Out of the P4.31 billion in ad spending, presidential bets spent P1.11 billion, the PCIJ study said. However, based on their submitted campaign expenditure reports to the COMELEC, the presidentiables claimed to have spent a TOTAL of only P1.19 billion. The COMELEC explains that the cap on election spending is outdated which forces candidates to mis-declare their actual expenses.
Add to these enormous amounts the even larger cost of greasing the fraud machinery and maintaining political patronage that characterize elite-dominated and undemocratic Philippine elections. During the May polls, various incidents of vote-buying indicate that the buying rate per ballot now ranges from P150 to as high as P1,400.
Aside from spending their own money, candidates also got financial boost from big landlords and businesses to pay for both the legitimate and illegitimate expenses of waging an electoral campaign. Thus, the actual cost of “election-related spending” is much higher and how it distorts domestic economic growth is much deeper than what the NEDA estimate indicates.
Besides the one-time boost from election spending, the export-oriented, foreign investment-led economy has gained as well from the slight improvement in the global economy. But despite such improvement, vital indicators show that the global economy effectively remains in a state of depression and belie claims that the latest flare-up in the boom-and-bust crisis of monopoly capitalism is over. Even some mainstream economists point out that the global economy confronts a very real threat of double-dip recession.
North America, Europe, and Japan – major centers of monopoly capitalism – all face a raging public debt crisis and continuing destruction of jobs even as their production and consumption are again slowing down. Thus, external trade, foreign investment, and OFW remittances, most of which come from these major centers, could not sustain their “growth-inducing” impact on the GDP.
Philippine neocolonial trade, for example, has remained concentrated with the US and Japan, which took in almost one-third of the country’s total exports from January to June this year, based on data from the National Statistics Office (NSO). While shipments to China, Singapore, Hong Kong, South Korea, Thailand, and Taiwan are also significant (together they accounted for 39.7 percent of total exports in the first half of the year), a portion of these exports were re-exported to the US, Japan, and Europe.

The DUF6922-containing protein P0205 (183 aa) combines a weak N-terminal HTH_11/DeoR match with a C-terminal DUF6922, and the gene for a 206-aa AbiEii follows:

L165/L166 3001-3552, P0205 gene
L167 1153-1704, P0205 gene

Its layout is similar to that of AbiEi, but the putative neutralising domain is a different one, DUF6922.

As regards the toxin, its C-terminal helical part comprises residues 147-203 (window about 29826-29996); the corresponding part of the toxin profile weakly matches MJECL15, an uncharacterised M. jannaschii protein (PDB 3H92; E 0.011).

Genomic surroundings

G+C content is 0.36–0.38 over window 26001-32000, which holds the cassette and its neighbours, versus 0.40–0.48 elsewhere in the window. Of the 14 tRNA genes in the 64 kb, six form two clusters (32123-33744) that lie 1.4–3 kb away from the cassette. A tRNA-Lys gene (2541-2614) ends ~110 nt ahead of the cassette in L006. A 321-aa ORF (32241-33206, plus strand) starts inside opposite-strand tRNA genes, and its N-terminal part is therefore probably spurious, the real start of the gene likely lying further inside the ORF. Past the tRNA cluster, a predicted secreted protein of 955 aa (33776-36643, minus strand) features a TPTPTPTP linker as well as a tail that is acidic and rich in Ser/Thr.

Exports, which soared by 27.4 percent in the second quarter – the highest since third quarter 1986, the NSCB noted, but in reality simply recovered from an equally huge 18 percent contraction in 2009 – face a major slowdown or even contraction in the coming months. Latest data show that imports are substantially slowing down as the year progresses, which signals lower job orders from the US and other major export markets of the Philippines since our main exports are dependent on imported inputs.
Furthermore, as the richest capitalist countries grapple with rising debts and decelerating monopoly profits, foreign direct investment (FDI) that actually flowed into the Philippines has immensely declined. Bangko Sentral ng Pilipinas (BSP) data show that year-on-year FDI from January to May 2010 fell by 68 percent. Meanwhile, OFW remittances, based on BSP data, have also substantially slowed down to a year-on-year growth of 6.9 percent from January to June 2010. Prior to the global crisis, OFW remittances have been posting double-digit expansion every year.
In a way, election-related spending acted as some sort of “stimulus” to an otherwise anemic economic growth in the first half of the year. But obviously it can no longer be relied upon – at least until the 2013 midterm polls – to moderate the impact of the still unfolding and protracted global financial and economic crisis.
Real reforms in economic policies and priorities are urgently needed to lessen our vulnerabilities to the global crunch and create sustainable growth that produces jobs and boosts income. Unfortunately, based on the medium-term development blueprint that the economic managers of the Aquino administration have presented in broad strokes during their first economic briefing last August 18, no meaningful reorientation of the domestic economy is forthcoming. On the contrary, the Aquino administration is turning out to be an even fiercer advocate of flawed and long discredited neoliberal policies of privatization, liberalization, and deregulation.